Increasingly, the private sector will determine the boundaries in which the individuals and households make environmental decisions. Ecosystem health and integrity are concepts that are widely used when talking about biological resources and environmental quality. Yet they are still without precise scientific definition. Healthy ecological systems provide goods in the form of food, raw materials, sources of energy, medicinal plants, and genetic resources among others. They also provide services, such as maintaining hydrological cycles, cleansing water and air, pollinating crops and other important plants, storing and cycling essential nutrients, providing sites for tourism and recreation, regulating climate, maintaining the composition of the atmosphere, generating and maintaining soils and reefs, naturally controlling disease vectors, and absorbing detoxifying pollutants. And I could go on. This growing awareness of the inescapable interdependence of human health and welfare and the integrity of ecological systems has led to a recognition of the need for strengthening the research on and monitoring of the nation's biological resources and the ecological systems for which they are imbedded. The extent to which biological resources and ecological systems are sustained will, in fact, determine the variety of socially and economically viable management options that can be retained for the future.
Let me turn to the National Biological Service. Why was NBS created? The
mission of the National Biological Service is to work with others, to provide the information and technologies needed to manage and conserve the nation's biological resources. To achieve a goal this large, NBS must first work in partnership with others and second take a more integrated ecological systems approach to problem solving. NBS was created out of the recognition by Secretary Babbit, that ecological train wrecks, as he called them, come from taking a single resource or a single species approach when there are many competing interests, and from focusing on current needs and not looking ahead. Based on this analysis, he concluded that the most important step to take in avoiding these crises involves integrating research efforts to create a unified attempt to understand whole systems. It is his view that such an enhanced scientific understanding will help us anticipate and plan for the future, rather that simply react to it. If NBS is to help prevent train wrecks, it must address multiple resource and multiple species issues at ecosystem to regional scales. To do this, NBS must be more strategic and more proactive in what research it undertakes. NBS research must expand our understanding of how ecological systems work and use that understanding to both project trends into the future and address real problems facing resource managers. This approach has required NBS to rethink ongoing projects and to ask how funds can be redirected to link together projects that once were viewed as unrelated.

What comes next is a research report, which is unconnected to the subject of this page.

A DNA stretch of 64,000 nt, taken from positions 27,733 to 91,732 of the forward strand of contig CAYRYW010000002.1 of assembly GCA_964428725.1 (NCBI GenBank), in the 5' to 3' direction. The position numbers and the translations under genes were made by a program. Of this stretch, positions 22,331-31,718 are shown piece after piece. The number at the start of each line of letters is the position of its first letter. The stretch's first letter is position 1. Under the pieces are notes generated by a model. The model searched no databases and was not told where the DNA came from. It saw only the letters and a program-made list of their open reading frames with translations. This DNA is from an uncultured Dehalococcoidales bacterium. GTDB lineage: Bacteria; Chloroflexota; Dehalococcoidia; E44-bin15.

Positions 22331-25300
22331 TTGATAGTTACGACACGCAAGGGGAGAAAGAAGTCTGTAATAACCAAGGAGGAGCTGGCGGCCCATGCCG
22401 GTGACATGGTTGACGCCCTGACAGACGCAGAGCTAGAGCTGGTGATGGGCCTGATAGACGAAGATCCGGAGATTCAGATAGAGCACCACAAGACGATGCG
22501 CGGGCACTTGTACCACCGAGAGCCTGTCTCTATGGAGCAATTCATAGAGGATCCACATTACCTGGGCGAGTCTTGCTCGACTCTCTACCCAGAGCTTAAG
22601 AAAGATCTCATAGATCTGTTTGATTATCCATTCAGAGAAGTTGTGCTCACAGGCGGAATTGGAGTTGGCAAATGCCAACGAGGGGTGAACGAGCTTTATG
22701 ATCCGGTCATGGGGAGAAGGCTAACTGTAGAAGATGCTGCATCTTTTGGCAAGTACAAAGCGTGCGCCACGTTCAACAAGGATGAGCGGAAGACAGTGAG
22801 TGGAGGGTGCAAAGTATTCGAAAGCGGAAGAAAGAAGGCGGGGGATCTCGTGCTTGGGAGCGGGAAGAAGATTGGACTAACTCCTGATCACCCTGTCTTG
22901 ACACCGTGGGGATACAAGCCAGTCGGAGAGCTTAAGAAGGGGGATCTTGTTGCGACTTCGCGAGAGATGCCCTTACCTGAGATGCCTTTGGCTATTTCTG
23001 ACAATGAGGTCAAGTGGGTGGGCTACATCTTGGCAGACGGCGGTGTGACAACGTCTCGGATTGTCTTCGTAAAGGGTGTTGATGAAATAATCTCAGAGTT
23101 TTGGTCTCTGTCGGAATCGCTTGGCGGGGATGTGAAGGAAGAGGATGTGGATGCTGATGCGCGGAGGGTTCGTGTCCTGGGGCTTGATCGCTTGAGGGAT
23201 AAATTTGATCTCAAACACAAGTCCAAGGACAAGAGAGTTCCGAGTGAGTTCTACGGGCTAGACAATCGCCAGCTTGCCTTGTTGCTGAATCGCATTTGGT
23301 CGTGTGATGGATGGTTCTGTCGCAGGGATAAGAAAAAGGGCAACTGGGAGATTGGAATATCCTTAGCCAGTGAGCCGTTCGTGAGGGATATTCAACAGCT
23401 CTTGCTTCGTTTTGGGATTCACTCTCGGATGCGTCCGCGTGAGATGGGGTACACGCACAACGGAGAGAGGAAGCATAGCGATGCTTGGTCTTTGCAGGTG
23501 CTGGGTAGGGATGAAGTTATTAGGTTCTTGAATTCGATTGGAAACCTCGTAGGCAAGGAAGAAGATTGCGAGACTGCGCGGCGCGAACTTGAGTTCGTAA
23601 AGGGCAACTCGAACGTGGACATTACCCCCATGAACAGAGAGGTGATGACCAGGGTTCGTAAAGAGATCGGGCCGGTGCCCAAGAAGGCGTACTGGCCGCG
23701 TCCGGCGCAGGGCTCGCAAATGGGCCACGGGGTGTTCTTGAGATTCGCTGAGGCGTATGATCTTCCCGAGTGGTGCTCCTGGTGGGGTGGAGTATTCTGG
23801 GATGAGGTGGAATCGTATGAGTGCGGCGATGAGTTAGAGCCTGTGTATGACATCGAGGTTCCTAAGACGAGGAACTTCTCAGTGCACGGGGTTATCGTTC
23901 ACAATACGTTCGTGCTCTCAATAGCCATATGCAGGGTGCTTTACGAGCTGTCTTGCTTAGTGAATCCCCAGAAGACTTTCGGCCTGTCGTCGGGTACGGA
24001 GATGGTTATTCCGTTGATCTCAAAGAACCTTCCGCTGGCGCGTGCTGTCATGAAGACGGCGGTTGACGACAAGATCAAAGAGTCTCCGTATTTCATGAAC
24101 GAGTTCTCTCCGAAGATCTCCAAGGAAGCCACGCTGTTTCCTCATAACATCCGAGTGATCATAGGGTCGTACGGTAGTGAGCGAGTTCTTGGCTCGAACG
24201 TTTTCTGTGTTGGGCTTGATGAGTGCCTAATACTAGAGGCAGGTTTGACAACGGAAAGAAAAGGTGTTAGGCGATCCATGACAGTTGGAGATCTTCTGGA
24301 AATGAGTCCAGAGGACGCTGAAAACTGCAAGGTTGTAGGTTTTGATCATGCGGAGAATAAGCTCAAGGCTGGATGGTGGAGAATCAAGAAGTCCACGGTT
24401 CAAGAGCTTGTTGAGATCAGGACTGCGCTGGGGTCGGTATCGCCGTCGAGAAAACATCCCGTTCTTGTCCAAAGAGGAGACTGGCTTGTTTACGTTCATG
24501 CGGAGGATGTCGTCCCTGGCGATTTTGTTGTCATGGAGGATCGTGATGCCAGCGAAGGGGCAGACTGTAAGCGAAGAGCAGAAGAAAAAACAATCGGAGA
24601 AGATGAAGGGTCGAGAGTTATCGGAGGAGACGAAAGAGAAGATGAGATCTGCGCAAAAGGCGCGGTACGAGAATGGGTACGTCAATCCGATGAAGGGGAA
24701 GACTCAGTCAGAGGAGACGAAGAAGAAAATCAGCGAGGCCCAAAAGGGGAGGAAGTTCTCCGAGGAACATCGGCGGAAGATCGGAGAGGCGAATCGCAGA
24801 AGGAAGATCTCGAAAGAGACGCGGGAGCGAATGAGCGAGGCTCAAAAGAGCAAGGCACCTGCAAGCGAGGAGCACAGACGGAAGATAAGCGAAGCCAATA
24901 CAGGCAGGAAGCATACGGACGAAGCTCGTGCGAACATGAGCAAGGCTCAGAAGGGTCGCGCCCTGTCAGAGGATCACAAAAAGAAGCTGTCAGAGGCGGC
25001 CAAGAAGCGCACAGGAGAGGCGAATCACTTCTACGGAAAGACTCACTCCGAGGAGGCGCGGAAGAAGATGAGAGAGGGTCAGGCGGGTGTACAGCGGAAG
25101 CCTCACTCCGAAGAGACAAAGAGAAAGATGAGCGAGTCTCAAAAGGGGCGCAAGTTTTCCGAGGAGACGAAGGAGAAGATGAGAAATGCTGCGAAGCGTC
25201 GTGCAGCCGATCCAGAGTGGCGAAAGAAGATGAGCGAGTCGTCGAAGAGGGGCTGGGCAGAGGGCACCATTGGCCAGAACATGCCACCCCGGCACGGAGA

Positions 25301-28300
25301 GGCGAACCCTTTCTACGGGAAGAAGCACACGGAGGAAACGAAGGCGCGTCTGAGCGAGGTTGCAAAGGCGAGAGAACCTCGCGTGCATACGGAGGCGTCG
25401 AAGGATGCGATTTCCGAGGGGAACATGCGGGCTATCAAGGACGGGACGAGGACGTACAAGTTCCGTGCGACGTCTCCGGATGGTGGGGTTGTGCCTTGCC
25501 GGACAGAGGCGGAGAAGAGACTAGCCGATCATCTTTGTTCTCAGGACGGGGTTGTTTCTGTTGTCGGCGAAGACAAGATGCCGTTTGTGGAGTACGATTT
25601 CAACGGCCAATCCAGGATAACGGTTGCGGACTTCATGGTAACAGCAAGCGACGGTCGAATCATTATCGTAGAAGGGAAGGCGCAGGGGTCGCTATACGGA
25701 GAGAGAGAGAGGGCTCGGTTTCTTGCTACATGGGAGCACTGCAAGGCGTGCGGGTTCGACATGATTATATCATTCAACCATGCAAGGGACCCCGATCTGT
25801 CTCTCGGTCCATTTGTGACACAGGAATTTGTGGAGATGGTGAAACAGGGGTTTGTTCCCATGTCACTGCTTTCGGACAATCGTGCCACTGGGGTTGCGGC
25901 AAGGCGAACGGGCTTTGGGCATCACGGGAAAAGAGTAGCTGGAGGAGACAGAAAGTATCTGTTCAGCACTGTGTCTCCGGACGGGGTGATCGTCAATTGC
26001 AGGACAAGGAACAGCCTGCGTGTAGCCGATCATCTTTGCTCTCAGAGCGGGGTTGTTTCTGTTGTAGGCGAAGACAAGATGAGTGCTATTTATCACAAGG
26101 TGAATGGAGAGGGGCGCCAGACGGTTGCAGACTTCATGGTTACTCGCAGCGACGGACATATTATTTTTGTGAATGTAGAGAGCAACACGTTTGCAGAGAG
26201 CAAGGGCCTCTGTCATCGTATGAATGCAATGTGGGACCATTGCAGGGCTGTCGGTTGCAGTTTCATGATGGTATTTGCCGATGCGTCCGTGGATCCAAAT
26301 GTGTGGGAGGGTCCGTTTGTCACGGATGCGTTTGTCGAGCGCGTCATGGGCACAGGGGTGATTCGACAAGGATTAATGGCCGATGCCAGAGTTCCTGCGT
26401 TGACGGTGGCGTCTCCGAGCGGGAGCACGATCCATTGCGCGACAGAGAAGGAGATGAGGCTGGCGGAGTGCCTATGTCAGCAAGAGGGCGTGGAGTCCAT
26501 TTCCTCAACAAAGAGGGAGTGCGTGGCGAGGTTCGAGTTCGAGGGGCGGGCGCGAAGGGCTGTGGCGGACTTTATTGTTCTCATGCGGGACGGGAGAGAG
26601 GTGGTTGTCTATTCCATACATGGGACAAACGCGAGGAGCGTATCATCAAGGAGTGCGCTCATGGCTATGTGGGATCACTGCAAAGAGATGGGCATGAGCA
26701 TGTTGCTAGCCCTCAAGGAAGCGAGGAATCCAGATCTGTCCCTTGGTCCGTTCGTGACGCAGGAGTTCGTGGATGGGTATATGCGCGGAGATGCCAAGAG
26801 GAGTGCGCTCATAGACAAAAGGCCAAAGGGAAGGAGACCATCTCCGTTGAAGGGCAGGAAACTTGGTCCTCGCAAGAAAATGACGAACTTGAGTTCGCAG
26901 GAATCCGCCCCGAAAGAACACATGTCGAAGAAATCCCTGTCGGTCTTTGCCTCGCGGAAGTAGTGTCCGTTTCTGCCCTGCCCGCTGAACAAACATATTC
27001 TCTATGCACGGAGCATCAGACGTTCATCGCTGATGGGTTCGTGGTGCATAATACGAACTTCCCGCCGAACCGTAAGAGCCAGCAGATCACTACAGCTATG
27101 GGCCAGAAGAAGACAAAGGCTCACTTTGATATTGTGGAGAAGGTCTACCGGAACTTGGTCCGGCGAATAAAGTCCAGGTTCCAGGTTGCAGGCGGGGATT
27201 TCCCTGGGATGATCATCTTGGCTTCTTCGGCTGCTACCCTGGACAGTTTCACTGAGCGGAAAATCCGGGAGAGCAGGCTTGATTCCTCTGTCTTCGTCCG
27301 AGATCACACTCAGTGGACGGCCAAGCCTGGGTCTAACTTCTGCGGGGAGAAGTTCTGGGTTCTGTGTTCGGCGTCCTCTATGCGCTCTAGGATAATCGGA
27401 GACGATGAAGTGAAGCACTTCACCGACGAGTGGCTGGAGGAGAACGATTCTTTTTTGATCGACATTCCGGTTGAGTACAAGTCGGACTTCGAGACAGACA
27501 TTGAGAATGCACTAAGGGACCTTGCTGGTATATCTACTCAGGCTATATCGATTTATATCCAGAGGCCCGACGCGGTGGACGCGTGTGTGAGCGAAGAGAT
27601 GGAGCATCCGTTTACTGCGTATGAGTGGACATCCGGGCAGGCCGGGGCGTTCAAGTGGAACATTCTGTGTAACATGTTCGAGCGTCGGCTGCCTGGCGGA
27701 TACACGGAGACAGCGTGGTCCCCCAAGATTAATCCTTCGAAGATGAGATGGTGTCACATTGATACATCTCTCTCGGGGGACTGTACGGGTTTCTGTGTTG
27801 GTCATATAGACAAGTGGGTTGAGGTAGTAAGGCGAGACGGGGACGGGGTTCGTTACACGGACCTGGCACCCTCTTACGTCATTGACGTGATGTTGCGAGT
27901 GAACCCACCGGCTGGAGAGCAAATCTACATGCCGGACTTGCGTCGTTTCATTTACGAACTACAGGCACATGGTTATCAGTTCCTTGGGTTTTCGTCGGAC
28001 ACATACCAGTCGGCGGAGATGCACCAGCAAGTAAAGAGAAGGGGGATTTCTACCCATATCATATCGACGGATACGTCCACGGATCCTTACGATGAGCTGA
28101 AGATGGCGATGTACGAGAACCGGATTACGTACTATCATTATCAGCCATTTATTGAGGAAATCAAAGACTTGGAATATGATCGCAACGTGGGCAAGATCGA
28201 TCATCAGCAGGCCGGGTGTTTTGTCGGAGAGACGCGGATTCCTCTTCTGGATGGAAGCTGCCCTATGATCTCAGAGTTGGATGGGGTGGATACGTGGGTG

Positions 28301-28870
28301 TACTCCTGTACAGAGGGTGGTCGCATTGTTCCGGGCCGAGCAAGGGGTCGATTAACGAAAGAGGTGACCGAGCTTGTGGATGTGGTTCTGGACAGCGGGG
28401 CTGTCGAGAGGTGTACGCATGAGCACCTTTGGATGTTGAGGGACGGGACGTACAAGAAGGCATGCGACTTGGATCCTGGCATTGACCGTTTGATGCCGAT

Where did NBS come from? NBS is the newest bureau of the Department of the Interior. It was created in 1993 by merging the biological research, inventory, monitoring, and information technology related capabilities of seven Department of the Interior bureaus. NBS has no regulatory or resource management responsibility—thus lessening the chance that our findings would be unduly influenced by policy or enforcement issues or that they would be tainted by the suspicion that science was made subservient to the needs of policy-makers. NBS's job is simply to provide better science relevant to the needs of resource managers. Let me say a bit about what NBS is not—both because it's worth examining the kind of misinformation that has been spread about NBS and because it raises a key aspect of how NBS will do its business. NBS has been accused of being a single giant survey that will sweep the nation, "An army of intrusive agenda-toting environmentalists in science disguise." This is not what NBS is. Most of NBS's time is devoted to research on the causes of environmental change and how management decisions affect biological resources.